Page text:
Understanding Love

Understanding Love : Philosophy, Film, and Fiction

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This collection of original essays, written by scholars from disciplines across the humanities, addresses a wide range of questions about love through a focus on individual films, novels, plays, and works of philosophy. The essays touch on many varieties of love, including friendship, romantic love, parental love, and even the love of an author for her characters. How do social forces shape the types of love that can flourish and sustain themselves? What is the relationship between love and passion? Is love between human and nonhuman animals possible? What is the role of projection in love? These questions and more are explored through an investigation of works by authors ranging from Henrik Ibsen to Ian McEwan, from Rousseau to the Coen Brothers.
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Product details

  • Paperback | 416 pages
  • 154 x 232 x 30mm | 544.31g
  • New York, United States
  • English
  • 0195384504
  • 9780195384505
  • 1,769,662

Table of contents

Susan Wolf, Introduction ; 1. Macalester Bell, "Fording the Great Divide: Grizzly Man and the Possibilities and Limits of Human-Animal Friendship" ; 2. Lawrence Blum, "False Symmetries in Far From Heaven" ; 3. Maria DiBattista, "The Untold Want of Now, Voyager" ; 4. Frances Ferguson, "Communicating Love: Ian McEwan, Saturday, and Personal Affection in the Information Age" ; 5. Christopher Grau, "Love, Loss, and Identity in Solaris" ; 6. Nick Halpern, "The Embarrassing Father" ; 7. Rae Langton, "Projected Love" ; 8. Douglas MacLean, "Between Desire and Destruction: Reflections on The Go-Between" ; 9. Toril Moi, , "Something that resembles a kind of love: Fantasy and Realism in Little Eyolf" ; 10. Fred Neuhouser, "Rousseau's Julie: Passion, Love, and the Price of Virtue" ; 11. David L. Paletz, "Sherman's March: Romantic Love in Documentary Films" ; 12. Gilberto Perez, "Hitchcock's Family Romance: Allegory in Shadow of a Doubt" ; 13. C.D.C. Reeve, "Lessons in Looking: Krzysztof Kieslowski's Short Films on Love" ; 14. Judith Smith, "Talking Back to Hollywood Love Stories: 'Marital Realism' Films, 1946-1964" ; 15. George Toles, "Dipping into Omniscience with Willa Cather: Authorial Knowledge as Love" ; 16. George M. Wilson, "Love and Bullshit in Santa Rosa: On The Man Who Wasn't There" ; 17. Susan Wolf, "Loving Attention: Lessons in love from The Philadelphia Story"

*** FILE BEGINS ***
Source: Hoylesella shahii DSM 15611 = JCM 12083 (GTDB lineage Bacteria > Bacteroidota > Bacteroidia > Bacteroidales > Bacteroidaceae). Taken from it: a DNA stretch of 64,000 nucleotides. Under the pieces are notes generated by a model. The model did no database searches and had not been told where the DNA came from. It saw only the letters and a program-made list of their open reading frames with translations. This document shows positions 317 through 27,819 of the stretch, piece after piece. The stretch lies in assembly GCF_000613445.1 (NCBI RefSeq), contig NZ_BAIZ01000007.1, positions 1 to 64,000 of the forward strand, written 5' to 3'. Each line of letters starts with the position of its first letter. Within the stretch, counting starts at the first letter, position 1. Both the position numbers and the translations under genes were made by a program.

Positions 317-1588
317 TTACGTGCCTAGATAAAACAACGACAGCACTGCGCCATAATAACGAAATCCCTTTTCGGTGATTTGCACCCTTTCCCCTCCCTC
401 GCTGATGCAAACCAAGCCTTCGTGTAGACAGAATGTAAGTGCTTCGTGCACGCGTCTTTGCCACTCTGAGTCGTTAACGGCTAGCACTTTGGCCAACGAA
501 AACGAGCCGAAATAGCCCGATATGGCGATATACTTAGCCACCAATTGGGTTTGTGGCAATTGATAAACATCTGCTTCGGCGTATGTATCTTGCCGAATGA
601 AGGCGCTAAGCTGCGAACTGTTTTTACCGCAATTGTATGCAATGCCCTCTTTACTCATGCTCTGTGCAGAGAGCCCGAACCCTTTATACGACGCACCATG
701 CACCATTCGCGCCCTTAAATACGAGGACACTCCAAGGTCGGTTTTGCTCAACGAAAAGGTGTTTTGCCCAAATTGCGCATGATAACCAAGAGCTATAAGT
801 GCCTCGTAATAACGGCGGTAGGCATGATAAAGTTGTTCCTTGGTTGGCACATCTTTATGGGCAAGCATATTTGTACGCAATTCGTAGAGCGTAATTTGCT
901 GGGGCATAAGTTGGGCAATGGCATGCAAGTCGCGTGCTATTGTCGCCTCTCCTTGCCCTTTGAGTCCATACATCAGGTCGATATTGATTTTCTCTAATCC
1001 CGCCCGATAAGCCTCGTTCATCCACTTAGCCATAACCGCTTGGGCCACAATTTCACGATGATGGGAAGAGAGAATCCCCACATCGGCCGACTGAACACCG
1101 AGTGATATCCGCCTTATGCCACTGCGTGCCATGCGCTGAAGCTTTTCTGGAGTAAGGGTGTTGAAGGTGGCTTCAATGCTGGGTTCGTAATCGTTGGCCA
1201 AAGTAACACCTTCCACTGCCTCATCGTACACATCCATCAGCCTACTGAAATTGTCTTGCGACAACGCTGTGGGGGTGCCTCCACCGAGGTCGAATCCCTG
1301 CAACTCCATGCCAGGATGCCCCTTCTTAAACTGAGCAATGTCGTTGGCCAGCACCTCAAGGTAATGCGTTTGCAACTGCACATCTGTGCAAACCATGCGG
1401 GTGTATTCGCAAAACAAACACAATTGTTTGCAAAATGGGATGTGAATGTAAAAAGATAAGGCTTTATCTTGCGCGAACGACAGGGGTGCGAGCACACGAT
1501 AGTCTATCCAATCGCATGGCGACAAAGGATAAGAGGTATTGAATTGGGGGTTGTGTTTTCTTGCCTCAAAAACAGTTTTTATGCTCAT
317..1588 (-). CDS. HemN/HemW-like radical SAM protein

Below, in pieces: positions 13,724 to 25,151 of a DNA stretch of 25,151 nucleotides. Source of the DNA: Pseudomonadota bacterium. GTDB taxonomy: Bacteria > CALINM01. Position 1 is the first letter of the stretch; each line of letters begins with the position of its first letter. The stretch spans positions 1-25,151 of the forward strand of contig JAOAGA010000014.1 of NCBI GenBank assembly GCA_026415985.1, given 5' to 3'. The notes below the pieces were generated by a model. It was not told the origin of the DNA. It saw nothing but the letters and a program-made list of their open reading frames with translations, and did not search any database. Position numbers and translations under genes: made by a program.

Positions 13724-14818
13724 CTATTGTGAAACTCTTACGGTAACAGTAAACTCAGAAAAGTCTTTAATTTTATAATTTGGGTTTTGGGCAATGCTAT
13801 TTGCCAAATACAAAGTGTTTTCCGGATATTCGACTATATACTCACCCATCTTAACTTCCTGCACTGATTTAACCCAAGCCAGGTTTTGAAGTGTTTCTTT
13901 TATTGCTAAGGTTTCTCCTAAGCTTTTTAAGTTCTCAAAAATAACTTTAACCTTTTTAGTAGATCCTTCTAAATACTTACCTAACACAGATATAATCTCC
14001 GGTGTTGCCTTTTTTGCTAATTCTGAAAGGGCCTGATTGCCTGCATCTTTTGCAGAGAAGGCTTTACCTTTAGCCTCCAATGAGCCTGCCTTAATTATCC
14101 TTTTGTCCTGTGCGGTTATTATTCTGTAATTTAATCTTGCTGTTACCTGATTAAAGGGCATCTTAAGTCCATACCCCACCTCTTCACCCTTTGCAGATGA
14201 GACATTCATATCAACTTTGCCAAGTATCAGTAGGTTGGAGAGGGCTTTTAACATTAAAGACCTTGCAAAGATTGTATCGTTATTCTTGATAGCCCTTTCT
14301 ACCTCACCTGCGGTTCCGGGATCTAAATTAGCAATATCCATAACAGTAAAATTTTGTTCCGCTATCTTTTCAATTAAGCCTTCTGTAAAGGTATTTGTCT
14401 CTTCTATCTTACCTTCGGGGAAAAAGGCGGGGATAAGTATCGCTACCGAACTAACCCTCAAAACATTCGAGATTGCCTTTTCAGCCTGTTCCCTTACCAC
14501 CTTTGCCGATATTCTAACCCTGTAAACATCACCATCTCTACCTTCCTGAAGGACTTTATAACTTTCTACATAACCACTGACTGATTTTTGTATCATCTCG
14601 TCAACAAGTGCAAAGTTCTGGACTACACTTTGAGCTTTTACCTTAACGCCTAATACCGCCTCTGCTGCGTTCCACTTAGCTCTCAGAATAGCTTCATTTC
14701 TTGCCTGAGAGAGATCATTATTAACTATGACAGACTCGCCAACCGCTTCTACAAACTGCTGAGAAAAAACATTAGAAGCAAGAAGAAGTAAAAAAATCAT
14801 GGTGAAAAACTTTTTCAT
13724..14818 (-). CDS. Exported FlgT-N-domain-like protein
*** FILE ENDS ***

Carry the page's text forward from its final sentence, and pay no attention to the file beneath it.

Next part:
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Review quote

Reading these essays in conjunction with viewing or reading the works on which they focus can be instructive, both about how much is in these works and about ways of reading films, novels, and plays more generally.This is a book that can be enjoyed in many ways over time by reading the essays and going to the art works discussed armed with new questions and with new knowledge about the meanings of the art works discussed. * Metapsychology Reviews Online * The book represents a heavily interdisciplinary approach through which one can glean invocations for what might count as love or, more often, what ought to count as good, healthy love. The book offers a multiplicity of accounts, wonderfully illustrated through examples from literature and film, some of which serve as foils to ideal love and others that seem to urge us to broaden our folk-psychological concept of it, or at least to not dogmatically demarcate the
boundaries of the concept along familiar lines. * Allison Fritz, The Journal of Aesthetics and Art Criticism * Born out of a desire to bring together disparate voices across the humanities, this volume looks at love using a "non-disciplinarian" model of interdisciplinarity... Highly Recommended. * S. J. Shaw, CHOICE *
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About Susan Wolf

Susan Wolf is the Edna J. Koury Distinguished Professor of Philosophy at the University of North Carolina at Chapel Hill. Her work focuses chiefly on ethics and its close relations in philosophy of mind, philosophy of action, political philosophy, and aesthetics. She is author of Freedom Within Reason (OUP, 1990) and Meaning in Life and Why It Matters (Princeton, 2010), as well as numerous articles ranging widely over topics in ethics.

Christopher Grau is Associate Professor of Philosophy at Clemson University. He specializes in ethics , topics in metaphysics, and philosophical work on film. He has published articles in The Journal of Aesthetics and Art Criticism, The Journal of Moral Philosophy, Midwest Studies in Philosophy, The Southern Journal of Philosophy and Philosophical Topics. He has also previously edited two books on philosophy and film: Philosophers Explore The Matrix (OUP, 2005), and Philosophers on Film:
Eternal Sunshine of the Spotless Mind (Routledge, 2009).
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